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Joey McGee

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When singer-songwriter Joey McGee categorizes his work as roots music, he’s not just
referring to the blend of soul, country, blues and rock commonly called Americana. He’s
talking about his own roots, cultivated in his native New Orleans, nurtured by a sojourn
in San Antonio and a much longer one in Pittsburgh, and planted deeply in his current
home of Bryan, Texas.

In songs such as “Sunday Blues” and “The Likes of You” — recorded at Yellow Dog Studios in
Wimberley, Texas — McGee’s warm baritone delivers lyrics that are incredibly personal and
revealing. But in others, such as “Hurricane/Forty Two Hundred and Cigarettes,” he inhabits
the role of storyteller, weaving Springsteen-worthy narratives for characters who sound so real,
they have to exist somewhere.

Regardless of whether he’s laying bare his own psyche or examining others’, his lyrics
always come across as honest. Genuine. Maybe the word we want here is true. As in, they
feel true. And speak truths. The longing he expresses in “Pining,” a country-leaning tune
enhanced by Kim Deschamps’ mournful pedal steel and producer David Percefull’s Wurlitzer,
is something nearly all of us have experienced. Most of us also know what it’s like to struggle with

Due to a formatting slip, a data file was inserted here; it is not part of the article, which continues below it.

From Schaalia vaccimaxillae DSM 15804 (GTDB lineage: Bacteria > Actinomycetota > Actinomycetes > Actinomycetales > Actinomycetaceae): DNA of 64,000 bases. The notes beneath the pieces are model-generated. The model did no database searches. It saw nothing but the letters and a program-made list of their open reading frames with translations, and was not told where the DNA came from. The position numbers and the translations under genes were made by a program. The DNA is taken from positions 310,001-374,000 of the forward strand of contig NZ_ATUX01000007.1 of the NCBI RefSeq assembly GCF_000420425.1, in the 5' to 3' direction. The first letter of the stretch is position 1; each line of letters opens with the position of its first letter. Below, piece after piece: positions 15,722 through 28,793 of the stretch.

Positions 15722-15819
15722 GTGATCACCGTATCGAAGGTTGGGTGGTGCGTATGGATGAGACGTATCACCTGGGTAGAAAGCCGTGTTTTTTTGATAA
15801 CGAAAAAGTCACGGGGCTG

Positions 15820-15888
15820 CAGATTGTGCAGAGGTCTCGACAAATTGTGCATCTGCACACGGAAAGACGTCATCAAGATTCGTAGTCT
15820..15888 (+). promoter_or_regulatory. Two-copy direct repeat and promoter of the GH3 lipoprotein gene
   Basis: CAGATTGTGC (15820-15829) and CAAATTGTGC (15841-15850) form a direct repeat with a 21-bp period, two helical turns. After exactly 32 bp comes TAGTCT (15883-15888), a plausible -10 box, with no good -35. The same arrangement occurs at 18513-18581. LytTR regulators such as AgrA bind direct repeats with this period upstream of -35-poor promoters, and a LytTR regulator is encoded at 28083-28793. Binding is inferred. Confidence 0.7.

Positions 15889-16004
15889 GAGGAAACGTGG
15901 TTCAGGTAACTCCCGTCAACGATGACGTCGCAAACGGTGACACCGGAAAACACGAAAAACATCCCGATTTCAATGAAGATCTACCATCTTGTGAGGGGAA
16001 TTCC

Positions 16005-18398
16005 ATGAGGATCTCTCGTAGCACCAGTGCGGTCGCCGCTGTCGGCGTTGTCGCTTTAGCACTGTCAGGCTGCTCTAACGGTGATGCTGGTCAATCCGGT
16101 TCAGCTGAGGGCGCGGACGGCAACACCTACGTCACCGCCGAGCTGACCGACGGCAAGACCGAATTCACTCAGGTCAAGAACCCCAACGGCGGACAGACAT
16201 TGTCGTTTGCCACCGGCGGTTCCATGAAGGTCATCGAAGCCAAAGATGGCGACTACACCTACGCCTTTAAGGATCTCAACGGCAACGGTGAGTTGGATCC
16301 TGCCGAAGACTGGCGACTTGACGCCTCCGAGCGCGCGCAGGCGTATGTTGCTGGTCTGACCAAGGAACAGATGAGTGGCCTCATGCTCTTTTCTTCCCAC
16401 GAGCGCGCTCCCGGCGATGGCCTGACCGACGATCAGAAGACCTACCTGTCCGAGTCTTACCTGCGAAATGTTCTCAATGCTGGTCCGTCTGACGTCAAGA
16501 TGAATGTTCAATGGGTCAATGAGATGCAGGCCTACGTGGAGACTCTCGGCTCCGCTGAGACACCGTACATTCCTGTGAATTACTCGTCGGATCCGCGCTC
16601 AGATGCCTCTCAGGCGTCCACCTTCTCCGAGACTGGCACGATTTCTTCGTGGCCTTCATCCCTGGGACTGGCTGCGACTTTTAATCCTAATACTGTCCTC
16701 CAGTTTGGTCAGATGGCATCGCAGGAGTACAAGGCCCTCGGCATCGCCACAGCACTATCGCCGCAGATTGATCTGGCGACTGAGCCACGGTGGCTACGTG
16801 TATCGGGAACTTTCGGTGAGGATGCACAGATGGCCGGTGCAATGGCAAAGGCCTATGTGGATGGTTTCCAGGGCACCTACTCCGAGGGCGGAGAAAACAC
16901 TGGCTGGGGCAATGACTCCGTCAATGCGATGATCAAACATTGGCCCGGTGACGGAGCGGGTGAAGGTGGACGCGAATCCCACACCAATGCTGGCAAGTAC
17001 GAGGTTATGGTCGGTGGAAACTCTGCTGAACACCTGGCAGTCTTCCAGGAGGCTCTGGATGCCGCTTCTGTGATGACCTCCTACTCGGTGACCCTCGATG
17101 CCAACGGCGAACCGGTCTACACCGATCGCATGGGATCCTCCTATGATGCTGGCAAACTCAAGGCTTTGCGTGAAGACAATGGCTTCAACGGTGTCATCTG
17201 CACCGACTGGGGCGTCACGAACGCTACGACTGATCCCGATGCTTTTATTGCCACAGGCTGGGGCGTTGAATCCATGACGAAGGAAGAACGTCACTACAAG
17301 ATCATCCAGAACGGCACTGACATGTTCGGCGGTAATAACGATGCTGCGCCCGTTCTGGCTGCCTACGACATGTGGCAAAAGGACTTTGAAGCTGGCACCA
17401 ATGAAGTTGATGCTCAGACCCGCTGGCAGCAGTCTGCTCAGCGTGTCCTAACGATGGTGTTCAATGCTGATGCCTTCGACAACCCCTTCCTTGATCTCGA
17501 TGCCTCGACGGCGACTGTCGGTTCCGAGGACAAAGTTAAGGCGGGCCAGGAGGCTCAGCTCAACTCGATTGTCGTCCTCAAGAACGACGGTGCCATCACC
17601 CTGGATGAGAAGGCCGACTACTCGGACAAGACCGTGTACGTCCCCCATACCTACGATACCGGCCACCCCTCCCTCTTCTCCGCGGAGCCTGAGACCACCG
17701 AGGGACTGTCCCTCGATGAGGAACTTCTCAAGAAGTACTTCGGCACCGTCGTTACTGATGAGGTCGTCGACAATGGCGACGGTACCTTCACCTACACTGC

feeling out of place, unmoored, as McGee describes in “Sunday Blues.” And if we’re
lucky, we’ve experienced what it’s like to find a place that feels so right, we know we’re
home at last. That’s the subject of “Deep in the Heart,” McGee’s love letter to Texas.

Of course, Texas’ varied musical influences have as much of an effect on McGee as its
natural elements. In these parts, sincerity matters, and dedication counts. Artists quickly
learn which masters to study: Mt. Rushmore includes Townes Van Zandt and Guy Clark.
If you’re gonna record one of their tunes, you’d better bring it, and on “The Cape” and
“Pancho and Lefty” McGee does.

McGee hones his craft and soaks up wisdom wherever he can. And
sometimes, he’ll impart it, too. He knows people sometimes wonder, but
might be too shy to ask how “a black city dude got involved in folk and country music.”
“The simple answer is, I like simplicity. I like a good story and I like playing guitar,” he
says. “The whole ‘three chords and the truth’ thing really resonates with me, and I find
that in country and folk. It’s in the blues and gospel, too, and I think blues and country
are two sides of the same coin. I can dig ‘em both if there’s a good story to tell and a
good groove to be had.”

And he adds, “It taps into the rootedness of who I am — a Southern, CreoleCajun
musician working through my hang-ups and trying to make the world a better
place along the way.”